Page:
What is Impairment?
Impairment can be broadly described in a nurse as the evidence of some inability to deliver quality care in a safe and professional manner. Impairment may be due to factors other than chemical dependency such as psychiatric or medical conditions. Clearly those problems need intervention and treatment, as would chemical dependency.
Substance abuse and dependency is a significant problem among all health care professionals, in all areas of the country. It is a chronic, progressive illness which can be effectively treated. As with all other chronic illnesses, the earlier the intervention and initiation of treatment for abuse or dependency issues, the better is the prognosis for rehabilitation and safe return to work.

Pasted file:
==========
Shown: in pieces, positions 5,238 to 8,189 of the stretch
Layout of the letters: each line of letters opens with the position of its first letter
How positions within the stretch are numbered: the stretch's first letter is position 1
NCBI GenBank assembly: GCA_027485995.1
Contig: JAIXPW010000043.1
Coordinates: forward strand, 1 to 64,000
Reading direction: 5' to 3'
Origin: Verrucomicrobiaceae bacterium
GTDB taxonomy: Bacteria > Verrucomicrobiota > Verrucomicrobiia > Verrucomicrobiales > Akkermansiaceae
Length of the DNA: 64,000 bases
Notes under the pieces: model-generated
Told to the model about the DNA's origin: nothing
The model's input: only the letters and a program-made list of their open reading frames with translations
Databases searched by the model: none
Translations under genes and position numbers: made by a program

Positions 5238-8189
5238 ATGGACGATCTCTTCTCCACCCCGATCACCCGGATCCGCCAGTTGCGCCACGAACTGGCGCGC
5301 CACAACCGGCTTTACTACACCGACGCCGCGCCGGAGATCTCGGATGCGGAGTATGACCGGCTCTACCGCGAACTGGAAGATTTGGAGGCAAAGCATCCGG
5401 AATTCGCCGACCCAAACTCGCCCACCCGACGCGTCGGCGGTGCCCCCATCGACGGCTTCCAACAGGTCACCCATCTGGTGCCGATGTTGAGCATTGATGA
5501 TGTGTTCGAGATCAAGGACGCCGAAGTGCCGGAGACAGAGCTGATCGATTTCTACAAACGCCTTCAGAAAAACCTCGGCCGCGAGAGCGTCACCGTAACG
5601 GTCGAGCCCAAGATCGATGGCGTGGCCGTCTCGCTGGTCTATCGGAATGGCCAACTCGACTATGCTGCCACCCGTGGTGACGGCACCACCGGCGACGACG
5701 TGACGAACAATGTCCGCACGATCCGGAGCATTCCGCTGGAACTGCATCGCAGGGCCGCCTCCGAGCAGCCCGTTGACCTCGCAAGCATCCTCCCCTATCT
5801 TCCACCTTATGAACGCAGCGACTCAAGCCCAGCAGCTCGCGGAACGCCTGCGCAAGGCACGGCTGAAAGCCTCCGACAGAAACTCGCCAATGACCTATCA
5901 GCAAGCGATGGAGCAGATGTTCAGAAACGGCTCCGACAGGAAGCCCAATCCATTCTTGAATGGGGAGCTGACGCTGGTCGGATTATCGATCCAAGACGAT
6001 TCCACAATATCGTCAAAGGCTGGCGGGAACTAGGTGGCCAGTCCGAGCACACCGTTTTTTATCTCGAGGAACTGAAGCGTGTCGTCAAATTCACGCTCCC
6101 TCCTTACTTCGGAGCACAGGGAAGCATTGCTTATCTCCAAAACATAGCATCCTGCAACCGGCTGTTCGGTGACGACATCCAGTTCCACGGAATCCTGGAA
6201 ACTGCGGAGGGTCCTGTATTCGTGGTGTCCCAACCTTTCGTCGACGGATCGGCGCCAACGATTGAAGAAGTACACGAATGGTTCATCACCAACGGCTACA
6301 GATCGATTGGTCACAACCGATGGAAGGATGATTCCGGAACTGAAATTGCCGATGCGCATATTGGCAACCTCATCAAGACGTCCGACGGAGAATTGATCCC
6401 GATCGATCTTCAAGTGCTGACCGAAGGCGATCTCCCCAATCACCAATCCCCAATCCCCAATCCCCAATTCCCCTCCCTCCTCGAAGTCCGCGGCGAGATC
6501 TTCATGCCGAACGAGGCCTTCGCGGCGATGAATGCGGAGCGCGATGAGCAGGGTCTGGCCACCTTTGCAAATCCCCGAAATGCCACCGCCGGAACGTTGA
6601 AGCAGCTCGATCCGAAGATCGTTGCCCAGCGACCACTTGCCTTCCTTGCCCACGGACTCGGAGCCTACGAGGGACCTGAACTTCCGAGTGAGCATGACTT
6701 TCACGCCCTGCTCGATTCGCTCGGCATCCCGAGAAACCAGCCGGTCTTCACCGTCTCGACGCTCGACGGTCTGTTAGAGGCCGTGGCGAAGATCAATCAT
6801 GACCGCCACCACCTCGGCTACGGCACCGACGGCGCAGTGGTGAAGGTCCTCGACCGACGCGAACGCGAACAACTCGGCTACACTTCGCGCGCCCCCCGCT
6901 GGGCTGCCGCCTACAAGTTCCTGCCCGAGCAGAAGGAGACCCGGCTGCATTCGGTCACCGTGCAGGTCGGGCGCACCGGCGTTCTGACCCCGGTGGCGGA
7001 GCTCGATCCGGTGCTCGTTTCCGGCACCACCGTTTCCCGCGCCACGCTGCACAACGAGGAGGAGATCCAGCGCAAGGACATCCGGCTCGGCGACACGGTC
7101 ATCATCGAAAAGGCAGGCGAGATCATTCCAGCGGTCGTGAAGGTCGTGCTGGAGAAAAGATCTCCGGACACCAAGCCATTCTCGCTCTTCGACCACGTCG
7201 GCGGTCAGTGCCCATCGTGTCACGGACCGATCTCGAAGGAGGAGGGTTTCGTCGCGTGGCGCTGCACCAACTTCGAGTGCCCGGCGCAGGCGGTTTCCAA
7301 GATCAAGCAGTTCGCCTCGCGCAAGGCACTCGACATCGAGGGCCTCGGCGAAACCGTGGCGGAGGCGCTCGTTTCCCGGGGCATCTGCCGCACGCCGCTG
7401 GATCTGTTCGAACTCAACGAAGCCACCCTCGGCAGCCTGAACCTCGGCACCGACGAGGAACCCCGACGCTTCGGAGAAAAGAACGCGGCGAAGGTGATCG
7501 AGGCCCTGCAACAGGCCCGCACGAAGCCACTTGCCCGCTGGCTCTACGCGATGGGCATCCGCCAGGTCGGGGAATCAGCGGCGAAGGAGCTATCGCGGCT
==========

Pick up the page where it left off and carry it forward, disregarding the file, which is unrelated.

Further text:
Some of the signs of chemical dependency in nurses are:
- Mood swings; inappropriate behavior at work; frequent days off for implausible reasons; non-compliance with accepted policies and procedures; deteriorating appearance; deteriorating job performance; sloppy, illegible charting; errors in charting; alcohol on breath; forgetfulness; poor judgment and concentration; lying and excessive volunteering to pass medications.
Oppositely, another clustering of characteristics of a potentially chemically dependent or abusing nurse are:
- High achievement, both as a student and nurse; volunteering for overtime and extra duties; no history of drug use until after a surgery or a chronic illness and a family history of alcoholism or addiction.